EB5 Investors Magazine Volume 2 Issue 1 | Page 73

The regional center program is undoubtedly central to the EB-5 program — with some 90 percent of investors investing their capital through regional centers , and nearly 450 EB-5 Regional Centers in existence , it is no wonder that regional centers have become the face of EB-5 . Despite their prevalence , the history of the pilot program that created the EB-5 Regional Center is not commonly known . Here we will trace the EB-5 Regional Center from its establishment , through the turbulent years , to today and beyond .
The EB-5 Regional Center was born as an extension of the original U . S . Immigrant Investor Program ( EB-5 ), first established by Congress in 1990 . 1 The program was established to stimulate the economy , spur job creation , and dually benefit American citizens and immigrants . In exchange for a capital investment of at least $ 500,000 that leads to the creation of 10 U . S . jobs , foreign nationals are welcomed to the United States . Despite the enormous potential of EB-5 , interest in the program lagged in the early years . To ensure that the benefits of EB-5 were being realized , Congress enacted the Immigrant Investor Pilot Program , more commonly known as the regional center program , in 1992 . 2
The EB-5 Regional Center is an officially designated organization that sponsors investment projects for EB-5 investors . EB-5 Regional Centers not only do more leg work for the investor , but also allow investors to pool their money together to invest in larger projects that create more jobs . Because regional centers allow for the counting of indirect jobs , it is easier for projects to qualify as EB-5 compliant in this regard .” The regional center program may have changed the face of the industry , but sustained interest in the program would not come about until a decade later .
The early days
The industry often describes the early years of the program as the days of the Wild West . While not an entirely laissez-faire environment , getting designation as a regional center was nowhere near as involved as it is today . Developers interested in the not-yet-coveted regional center designation could attain it by writing a letter to the Immigration and Naturalization Service ( INS )— the predecessor of USCIS — explaining their project and attaching documentation , including an economist report and a business plan ( the I-924 application would not be put to use until 2010 ). Despite the ease of the program , only a handful of regional centers were established in the early 90s . People did not fully understand the possibilities of regional centers , or did not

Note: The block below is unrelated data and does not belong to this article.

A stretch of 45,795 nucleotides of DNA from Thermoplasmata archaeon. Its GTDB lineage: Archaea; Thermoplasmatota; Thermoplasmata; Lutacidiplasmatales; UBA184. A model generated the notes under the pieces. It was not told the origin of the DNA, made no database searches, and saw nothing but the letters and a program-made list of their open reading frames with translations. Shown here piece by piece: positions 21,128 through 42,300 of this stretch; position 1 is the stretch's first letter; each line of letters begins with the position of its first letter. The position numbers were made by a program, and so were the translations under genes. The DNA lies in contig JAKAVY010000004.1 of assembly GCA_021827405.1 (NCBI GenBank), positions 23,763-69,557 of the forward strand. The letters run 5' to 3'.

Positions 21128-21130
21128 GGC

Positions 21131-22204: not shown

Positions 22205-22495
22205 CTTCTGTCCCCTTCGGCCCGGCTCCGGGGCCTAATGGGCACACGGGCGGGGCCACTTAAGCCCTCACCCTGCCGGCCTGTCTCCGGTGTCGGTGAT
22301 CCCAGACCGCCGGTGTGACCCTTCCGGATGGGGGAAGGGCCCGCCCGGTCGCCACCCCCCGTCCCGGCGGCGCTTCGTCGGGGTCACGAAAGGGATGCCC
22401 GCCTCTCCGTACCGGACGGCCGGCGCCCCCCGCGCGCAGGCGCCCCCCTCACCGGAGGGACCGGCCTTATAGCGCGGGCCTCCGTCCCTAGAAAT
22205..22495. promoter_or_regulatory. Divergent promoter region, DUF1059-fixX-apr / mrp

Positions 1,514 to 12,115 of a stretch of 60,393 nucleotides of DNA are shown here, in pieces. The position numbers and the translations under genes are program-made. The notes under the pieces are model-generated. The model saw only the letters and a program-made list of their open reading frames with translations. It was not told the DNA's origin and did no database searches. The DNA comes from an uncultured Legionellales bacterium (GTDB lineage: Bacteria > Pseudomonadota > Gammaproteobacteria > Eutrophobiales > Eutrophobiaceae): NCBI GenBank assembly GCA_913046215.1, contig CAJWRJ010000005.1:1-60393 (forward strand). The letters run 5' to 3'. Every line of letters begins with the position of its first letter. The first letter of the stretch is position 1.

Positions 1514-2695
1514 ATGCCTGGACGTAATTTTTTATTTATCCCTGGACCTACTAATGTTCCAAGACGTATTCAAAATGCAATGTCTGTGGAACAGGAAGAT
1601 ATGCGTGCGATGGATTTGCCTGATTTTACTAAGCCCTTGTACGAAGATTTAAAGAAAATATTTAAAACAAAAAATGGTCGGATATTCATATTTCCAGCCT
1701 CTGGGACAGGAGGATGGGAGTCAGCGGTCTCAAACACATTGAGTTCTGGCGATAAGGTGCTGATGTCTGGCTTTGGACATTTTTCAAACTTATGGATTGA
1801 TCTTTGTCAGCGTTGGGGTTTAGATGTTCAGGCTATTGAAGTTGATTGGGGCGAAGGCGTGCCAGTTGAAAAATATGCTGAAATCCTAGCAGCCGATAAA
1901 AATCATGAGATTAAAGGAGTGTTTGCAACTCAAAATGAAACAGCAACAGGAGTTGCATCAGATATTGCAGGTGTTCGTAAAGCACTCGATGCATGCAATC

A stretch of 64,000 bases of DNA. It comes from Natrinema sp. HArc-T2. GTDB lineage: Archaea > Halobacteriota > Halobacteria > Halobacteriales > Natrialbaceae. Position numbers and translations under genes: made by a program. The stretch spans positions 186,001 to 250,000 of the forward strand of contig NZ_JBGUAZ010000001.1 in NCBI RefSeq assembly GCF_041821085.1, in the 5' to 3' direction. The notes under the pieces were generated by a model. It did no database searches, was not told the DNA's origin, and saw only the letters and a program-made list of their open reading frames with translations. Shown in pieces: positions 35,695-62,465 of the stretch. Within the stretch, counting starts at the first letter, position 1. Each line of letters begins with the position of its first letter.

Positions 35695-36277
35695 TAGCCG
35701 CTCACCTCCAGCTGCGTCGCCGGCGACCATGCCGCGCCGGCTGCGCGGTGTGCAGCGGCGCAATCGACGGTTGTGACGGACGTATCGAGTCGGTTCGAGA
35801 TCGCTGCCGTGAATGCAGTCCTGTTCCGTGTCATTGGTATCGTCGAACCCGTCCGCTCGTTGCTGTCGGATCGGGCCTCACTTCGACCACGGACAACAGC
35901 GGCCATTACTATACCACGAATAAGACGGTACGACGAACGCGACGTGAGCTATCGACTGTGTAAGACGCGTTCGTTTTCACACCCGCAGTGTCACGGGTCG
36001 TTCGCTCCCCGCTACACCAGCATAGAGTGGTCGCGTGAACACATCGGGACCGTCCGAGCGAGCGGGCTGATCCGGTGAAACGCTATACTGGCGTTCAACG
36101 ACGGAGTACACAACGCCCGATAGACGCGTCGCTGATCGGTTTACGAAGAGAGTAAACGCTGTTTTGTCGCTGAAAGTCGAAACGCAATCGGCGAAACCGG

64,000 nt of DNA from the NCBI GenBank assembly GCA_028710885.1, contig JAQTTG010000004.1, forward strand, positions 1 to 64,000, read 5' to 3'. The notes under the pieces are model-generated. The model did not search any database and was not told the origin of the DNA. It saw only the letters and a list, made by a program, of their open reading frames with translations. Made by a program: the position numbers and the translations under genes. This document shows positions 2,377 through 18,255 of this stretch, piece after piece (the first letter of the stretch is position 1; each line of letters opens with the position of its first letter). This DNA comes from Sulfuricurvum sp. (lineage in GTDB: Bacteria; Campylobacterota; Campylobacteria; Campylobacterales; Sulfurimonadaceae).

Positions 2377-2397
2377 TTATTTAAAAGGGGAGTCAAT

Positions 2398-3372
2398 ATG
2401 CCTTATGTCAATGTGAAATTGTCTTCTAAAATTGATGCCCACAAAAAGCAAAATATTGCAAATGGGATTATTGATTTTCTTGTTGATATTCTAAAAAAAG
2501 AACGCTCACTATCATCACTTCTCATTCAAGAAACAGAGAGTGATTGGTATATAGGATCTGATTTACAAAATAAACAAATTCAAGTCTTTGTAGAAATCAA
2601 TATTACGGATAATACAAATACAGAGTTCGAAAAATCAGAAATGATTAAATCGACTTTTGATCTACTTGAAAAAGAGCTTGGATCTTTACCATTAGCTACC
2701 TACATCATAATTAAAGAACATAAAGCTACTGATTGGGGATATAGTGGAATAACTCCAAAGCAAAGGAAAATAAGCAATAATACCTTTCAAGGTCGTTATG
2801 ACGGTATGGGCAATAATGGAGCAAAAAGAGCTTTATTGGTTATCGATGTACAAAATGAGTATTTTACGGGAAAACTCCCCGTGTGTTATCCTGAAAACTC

1
See http :// www . uscis . gov / working-united-states / permanent-workers / employment-based-immigration-fifth-preference-eb-5 / eb-5-immigrant-investor
2
See 610 of Public Law 102-395 ( October 6 , 1992 )
want to risk it . Nonetheless , the program crawled along , and as interest in the program grew , processing times in Washington increased — you might say history repeats itself .
The relaxed atmosphere in the EB-5 program made the program a perfect target for misuse and abuse . Less scrupulous actors took advantage of the program and got investors green cards while only committing a fraction of the required investment amount , with virtually no money going to actual projects . The placid early days would quickly give way to controversies that shuttered the program for years .
The turbulent years
The lack of strict regulations in the early 1990s provided the perfect opportunity to test the waters of EB-5 . Although the program required a minimum $ 500,000 investment , some actors found a way to bring investors to the United States with only $ 125,000 , accounting for the remaining amount through promissory notes . While the two most infamous companies participating in such schemes — AIS and InterBank — would later be investigated for ( and in the case of InterBank , convicted of ) fraud , INS allowed such practices at the time . Paul Virtue , then executive associate commissioner of INS , made the practices official in two legal opinions issued in 1993 and 1995 , allowing for investment requirements to be met through the use of promissory notes , and permitting investors to pool their money into limited partnerships . 3 Lax regulations piqued interest in the program , and groups such as AIS took advantage , bringing many investors to the United States with a fraction of the required investment amount .
AIS was supported by a group of politically connected individuals — bankers , developers , a former president ’ s sibling , and an ex-INS commissioner . Rather than asking for a $ 500,000 or $ 1 million investment , AIS marketed EB-5 to the middle class — structuring their deals such that investors only had to put up $ 125,000 in cash , with the rest accounted for in promissory notes . Investors bit , oftentimes believing the investments were a safe , and even guaranteed , path to U . S . citizenship . After AIS took fees off the top , a small amount of money trickled down to the actual business , enough to keep it alive just long enough for INS to remove conditions on investor green cards . Upon receipt of their permanent green card , investors could cash out of their partnerships . 4 Such maneuvering , while not illegal , shifted the program ’ s priority from creating jobs and stimulating the U . S . economy to providing green cards at bargain prices .
Continued on page 72
3
See http :// articles . baltimoresun . com / 2000-02-20 / news / 0002220371 _ 1 _ investor-visa-program-immigration-program-immigration-laws / 3
4
See Newman , Barry . “ INS Clampdown on Visa Program for the Rish
Creates Controversy .” The Wall Street Journa . 26 Feb . 1999
March 1 , 2003 INS sunsets and functions transferred to USCIS
2003 EB-5 Regional Centers reemerge
September 17 , 2004 USCIS holds an open meeting on EB-5 program and expresses support of regional centers
January 19 , 2005 USCIS establishes Investor and Regional Center Unit ( IRCU )